DiZio states it simply: He wants people who are better than he is.
“I’m looking for people to be better than me, especially in their field,” he says. “I want them to be much better than me. Do I try to shape their thoughts a bit? I probably do, but after a while, I want them to run with their ideas, shape them, share them and keep them on the right path of where the company is headed. As long as they stay within our guidelines, we try to have fun with the concept. It’s a fun business — it’s pretzels, and we try to play that up.”
But if you want fun in your culture, you have to be serious about finding people who want to have fun. You need to find people who are a good personality match for your company. In the recruitment process, DiZio does what a lot of company leaders do. He brings franchisee and management candidates in for multiple rounds of interviews with executives from various areas of the company.
But he and his staff don’t do a lot of talking. They ask questions and do a lot of listening.
“We sit back and listen maybe 90 percent of the time in an interview,” he says. “We’ll ask questions and let them elaborate to the best of their ability. It goes back to the idea that as the CEO, you want people who are smarter than you.”
By asking initial questions, sitting back and listening, DiZio gets a gauge on how passionate a candidate is for his company’s mission and products. If DiZio doesn’t get a good feel for the person’s excitement, chances are it’s not a good match.
“We ask them what excites them about our brand and our products,” he says. “A lot of our franchisees were customers and already love the brand and the product. But some might not be familiar with it. Maybe they grew up in California, moved here and don’t have a feel for our brand. But if they don’t have that passion for what we do, it’s really hard for us to connect with them. You can definitely sense during the interview process how excited they are about what you do.”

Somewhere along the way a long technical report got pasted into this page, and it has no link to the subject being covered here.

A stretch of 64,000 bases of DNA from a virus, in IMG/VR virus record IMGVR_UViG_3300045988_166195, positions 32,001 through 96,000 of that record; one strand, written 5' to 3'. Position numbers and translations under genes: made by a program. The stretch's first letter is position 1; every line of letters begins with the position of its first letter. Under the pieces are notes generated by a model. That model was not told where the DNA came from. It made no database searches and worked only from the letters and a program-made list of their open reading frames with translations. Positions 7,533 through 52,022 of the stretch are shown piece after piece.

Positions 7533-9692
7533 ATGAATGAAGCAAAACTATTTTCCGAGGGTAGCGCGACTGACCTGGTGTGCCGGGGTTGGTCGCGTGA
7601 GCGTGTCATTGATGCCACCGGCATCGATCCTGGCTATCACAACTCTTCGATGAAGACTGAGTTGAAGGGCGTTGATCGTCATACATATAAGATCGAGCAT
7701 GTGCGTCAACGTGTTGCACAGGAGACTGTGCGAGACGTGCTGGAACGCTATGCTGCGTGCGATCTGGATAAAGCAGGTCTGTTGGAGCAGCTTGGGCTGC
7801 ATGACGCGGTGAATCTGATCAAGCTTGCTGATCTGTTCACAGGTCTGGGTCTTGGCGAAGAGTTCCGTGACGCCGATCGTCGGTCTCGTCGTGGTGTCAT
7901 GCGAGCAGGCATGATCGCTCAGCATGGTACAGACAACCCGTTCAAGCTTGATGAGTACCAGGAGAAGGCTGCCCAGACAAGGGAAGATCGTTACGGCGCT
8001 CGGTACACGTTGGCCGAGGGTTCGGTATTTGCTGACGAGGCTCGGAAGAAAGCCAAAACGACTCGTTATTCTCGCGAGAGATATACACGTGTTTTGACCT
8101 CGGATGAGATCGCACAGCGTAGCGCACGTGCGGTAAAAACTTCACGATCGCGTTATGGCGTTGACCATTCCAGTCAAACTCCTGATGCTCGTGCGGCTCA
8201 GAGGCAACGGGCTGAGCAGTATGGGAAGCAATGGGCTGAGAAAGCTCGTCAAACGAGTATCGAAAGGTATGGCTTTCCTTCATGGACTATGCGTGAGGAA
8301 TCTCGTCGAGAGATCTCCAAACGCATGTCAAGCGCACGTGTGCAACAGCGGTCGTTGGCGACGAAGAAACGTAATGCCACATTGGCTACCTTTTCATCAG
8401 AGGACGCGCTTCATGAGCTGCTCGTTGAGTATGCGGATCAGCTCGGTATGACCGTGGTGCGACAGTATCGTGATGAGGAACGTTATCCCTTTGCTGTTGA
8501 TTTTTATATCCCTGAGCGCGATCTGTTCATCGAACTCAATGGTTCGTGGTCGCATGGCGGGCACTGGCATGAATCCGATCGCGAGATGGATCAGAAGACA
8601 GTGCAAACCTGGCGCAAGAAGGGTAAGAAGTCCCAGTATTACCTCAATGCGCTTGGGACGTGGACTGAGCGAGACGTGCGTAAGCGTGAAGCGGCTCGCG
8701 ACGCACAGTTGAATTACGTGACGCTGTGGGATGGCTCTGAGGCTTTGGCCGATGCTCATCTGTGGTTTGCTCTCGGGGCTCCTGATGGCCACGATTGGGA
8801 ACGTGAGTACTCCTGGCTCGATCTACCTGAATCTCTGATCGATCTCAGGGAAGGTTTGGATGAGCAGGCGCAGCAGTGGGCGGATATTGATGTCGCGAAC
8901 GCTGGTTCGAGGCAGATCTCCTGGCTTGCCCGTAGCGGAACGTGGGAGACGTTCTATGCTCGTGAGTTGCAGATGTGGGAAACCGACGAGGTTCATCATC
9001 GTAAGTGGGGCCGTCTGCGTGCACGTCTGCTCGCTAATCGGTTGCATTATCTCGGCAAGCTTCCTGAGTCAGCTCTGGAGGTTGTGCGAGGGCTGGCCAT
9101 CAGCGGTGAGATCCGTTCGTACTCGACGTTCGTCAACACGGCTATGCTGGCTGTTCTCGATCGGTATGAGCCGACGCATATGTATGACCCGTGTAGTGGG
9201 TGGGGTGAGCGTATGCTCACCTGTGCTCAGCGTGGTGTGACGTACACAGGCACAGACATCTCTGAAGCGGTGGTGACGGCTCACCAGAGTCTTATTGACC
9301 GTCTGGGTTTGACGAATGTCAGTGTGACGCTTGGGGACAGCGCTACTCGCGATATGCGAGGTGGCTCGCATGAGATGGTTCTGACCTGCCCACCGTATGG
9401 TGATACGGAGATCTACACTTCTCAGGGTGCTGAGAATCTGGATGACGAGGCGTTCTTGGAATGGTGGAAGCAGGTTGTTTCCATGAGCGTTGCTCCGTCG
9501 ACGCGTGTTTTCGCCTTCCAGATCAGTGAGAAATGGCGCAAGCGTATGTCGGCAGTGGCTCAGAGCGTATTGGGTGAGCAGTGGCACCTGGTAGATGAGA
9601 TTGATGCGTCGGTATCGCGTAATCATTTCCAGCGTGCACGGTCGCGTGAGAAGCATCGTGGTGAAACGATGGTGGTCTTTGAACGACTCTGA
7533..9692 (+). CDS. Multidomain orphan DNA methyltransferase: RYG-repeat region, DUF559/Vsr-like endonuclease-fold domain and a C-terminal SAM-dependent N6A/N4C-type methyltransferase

How to reach: Philly Pretzel Factory, (800) 679-4221 or www.phillysoftpretzelfactory.com
The DiZio file
Education: Bachelor’s degree in management and finance, East Stroudsburg University of Pennsylvania
First job: I began selling pretzels on a street corner when I was 11. Now I’m 39, and I’ve been selling pretzels for all but two of those years when I was a stockbroker.
What is the best business lesson you’ve learned?
Startup money is so valuable, so don’t waste it. We wasted a lot at first and ultimately had to end up redoing a lot of the work. So really watch those dollars and know where the money is going.
What traits or skills are essential for a business leader?
You have to understand your product and know the business. You need to be able to relay your thoughts and passion to others, and train them.
What is your definition of success?
Success to me is going to work and doing something I love. I think people go on vacation to escape their lives, but I love where I am. I love watching where we grow, and watching our stores grow.
No one who lives in southeast Michigan needs a reminder that the region has been one of the epicenters of a massive economic recession. But it might help to remember that there will be a light at the end of the tunnel, and you can reach that tunnel in better shape if you are prudent in how you lead your business. You can take steps to become more opportunistic, managing your spending and focusing your employees on the vision and mission of your company.
Over the past couple of years, Smart Business Detroit has spoken with a number of Detroit-area business leaders about the steps they’re taking to help their companies weather the economic storm. Below is a sampling of what three of them had to say.
“Employees are smart, and many of our employees have been here a long time. They can see when we are going after the real problems, not just the appearance of problems. That’s one way we convinced them of our intentions through actions instead of words.”
Marty Kahn, CEO, ProQuest LLC
“Take all of the other distractions away. Get rid of ancillary businesses, ancillary and unimportant initiatives, things that are taking away from the core, uniform strategy that you’re trying to deploy. It’s an ongoing effort. It’s an evolution, and you keep working through it. You keep building momentum over time, and eventually it does pick up."
MaryAnn Rivers, president and CEO, Entertainment Publications LLC
“As you think about the future of your organization, you have to do scenario planning. You need to come up with best-case, most-probable-case and worst-case scenarios. You need to be able to anticipate and stay ahead of the curve. Leaders need to do that all the time.”
Patricia Maryland, president and CEO, St. John Health System
Employees know when you're addressing the real problems
Get rid of factors that take away from your core businesses
Plan for many possible situations